Records of the Court of Assistants of the Colony of the Massachusetts Bay, 1630-1692 ... (Google eBook)

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county of Suffolk, 1901 - Law reports, digests, etc
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Page 310 - April next, and that, at two o'clock in the afternoon of that day, you be taken thence to the place of execution, and there be hanged by the neck till you are dead! dead! dead ! And may the Almighty God have mercy on your soul...
Page viii - The people had long desired a body of laws, and thought their condition very unsafe while so much power rested in the discretion of magistrates.
Page vi - It is ordered by this Court and the authority thereof, That there shall never be any bond slavery, villenege, or captivity amongst us, unless it be lawful captives taken in just warrs, as willingly sell themselves, or are sold to us...
Page vii - ... cropped, and banished. But except in these particulars, and a few others of no great importance, the Mosaic law was not established in the colony. The people had good sense enough to see that it was not adapted to the circumstances and the times. No restriction was imposed upon them except that contained in the Charter, that no laws should be made repugnant to the laws of England ; and this was construed very liberally, to mean that no part of the English law was in force there till it was expressly...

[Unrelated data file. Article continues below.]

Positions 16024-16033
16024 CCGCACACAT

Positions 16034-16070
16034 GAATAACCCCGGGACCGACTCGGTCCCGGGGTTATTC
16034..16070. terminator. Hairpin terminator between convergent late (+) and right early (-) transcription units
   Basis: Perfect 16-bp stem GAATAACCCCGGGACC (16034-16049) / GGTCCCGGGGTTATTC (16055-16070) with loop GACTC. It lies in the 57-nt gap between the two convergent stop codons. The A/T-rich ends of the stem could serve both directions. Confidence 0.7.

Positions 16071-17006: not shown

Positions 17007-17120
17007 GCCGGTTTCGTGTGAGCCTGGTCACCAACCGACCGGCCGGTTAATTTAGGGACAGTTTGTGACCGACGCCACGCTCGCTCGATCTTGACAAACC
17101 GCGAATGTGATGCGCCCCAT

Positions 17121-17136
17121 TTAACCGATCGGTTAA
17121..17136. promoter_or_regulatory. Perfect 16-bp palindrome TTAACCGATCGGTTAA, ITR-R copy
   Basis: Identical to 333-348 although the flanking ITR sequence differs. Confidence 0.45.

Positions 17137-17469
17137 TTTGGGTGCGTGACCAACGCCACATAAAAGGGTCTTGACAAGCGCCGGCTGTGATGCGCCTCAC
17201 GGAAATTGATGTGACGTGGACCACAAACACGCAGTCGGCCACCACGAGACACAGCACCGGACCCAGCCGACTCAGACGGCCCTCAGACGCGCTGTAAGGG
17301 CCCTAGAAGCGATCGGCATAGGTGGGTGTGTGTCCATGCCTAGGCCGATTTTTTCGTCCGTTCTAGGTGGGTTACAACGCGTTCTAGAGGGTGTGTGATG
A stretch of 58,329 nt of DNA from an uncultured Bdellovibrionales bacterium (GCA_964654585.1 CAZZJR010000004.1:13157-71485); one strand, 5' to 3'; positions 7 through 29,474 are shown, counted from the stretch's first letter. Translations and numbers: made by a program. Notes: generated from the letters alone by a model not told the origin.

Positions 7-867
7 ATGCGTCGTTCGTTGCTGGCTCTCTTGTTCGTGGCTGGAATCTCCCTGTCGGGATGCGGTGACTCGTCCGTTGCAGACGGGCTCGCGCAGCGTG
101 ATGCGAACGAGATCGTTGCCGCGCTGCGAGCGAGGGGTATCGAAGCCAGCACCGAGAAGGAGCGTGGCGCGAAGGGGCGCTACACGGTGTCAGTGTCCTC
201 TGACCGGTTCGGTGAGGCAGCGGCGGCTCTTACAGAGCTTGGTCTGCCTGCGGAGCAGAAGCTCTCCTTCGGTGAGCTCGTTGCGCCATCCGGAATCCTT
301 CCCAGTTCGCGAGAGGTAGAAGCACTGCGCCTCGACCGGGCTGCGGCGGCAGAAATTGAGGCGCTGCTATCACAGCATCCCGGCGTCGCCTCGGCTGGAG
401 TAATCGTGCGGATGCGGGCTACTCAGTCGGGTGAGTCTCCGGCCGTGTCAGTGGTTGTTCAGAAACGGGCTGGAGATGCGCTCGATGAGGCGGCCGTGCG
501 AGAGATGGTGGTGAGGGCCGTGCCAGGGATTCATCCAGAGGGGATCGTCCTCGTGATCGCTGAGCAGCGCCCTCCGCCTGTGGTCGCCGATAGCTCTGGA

Page viii - For that it would professedly transgress the limits of our charter, which provide, we shall make no laws repugnant to the laws of England, and that we were assured we must do. But to raise up laws by practice and custom had been no transgression ; as in our church discipline, and in matters of marriage, to make a law, that marriages should not be solemnized by ministers, is repugnant to the laws of England ; but to bring it to a custom by practice for the magistrates to perform it, is no law made...
Page viii - ... repugnant to the laws of England; but to bring it to a custom by practice for the magistrates to perform it, is no law made repugnant, etc. At length (to satisfy the people) it proceeded, and the two models were digested with divers alterations and additions, and abbreviated and sent to every town, to be considered of first by the magistrates and elders, and then to be published by the constables to all the people, that if any man should think fit, that any thing therein ought to be altered,...
Page 305 - Court that he is guilty and it is considered that he return to the place from whence he came and from thence to the place of Execution...
Page 200 - Confession will appeare contrary to the peace of our Soueraigne Lord the king his Croune & dignity the lawes of this Jurisdiction in that Case made & prouided title firing of houses = The prisoner at the barr pleaded & acknowledged hirselfe to be Guilty of ye fact. And accordingly the nex...
Page viii - Two great reasons there were, which caused most of the magistrates and some of the elders not to be very forward in this matter. One was, want of sufficient experience of the nature and disposition of the people, considered with the condition of the country and other circumstances, which made them conceive, that such laws would be fittest for us, which should arise pro re nata upon occasions &,c.
Page 309 - ... against the peace of our sovereign Lord and Lady the King and Queen, and against the form of the statute in that case made and provided.

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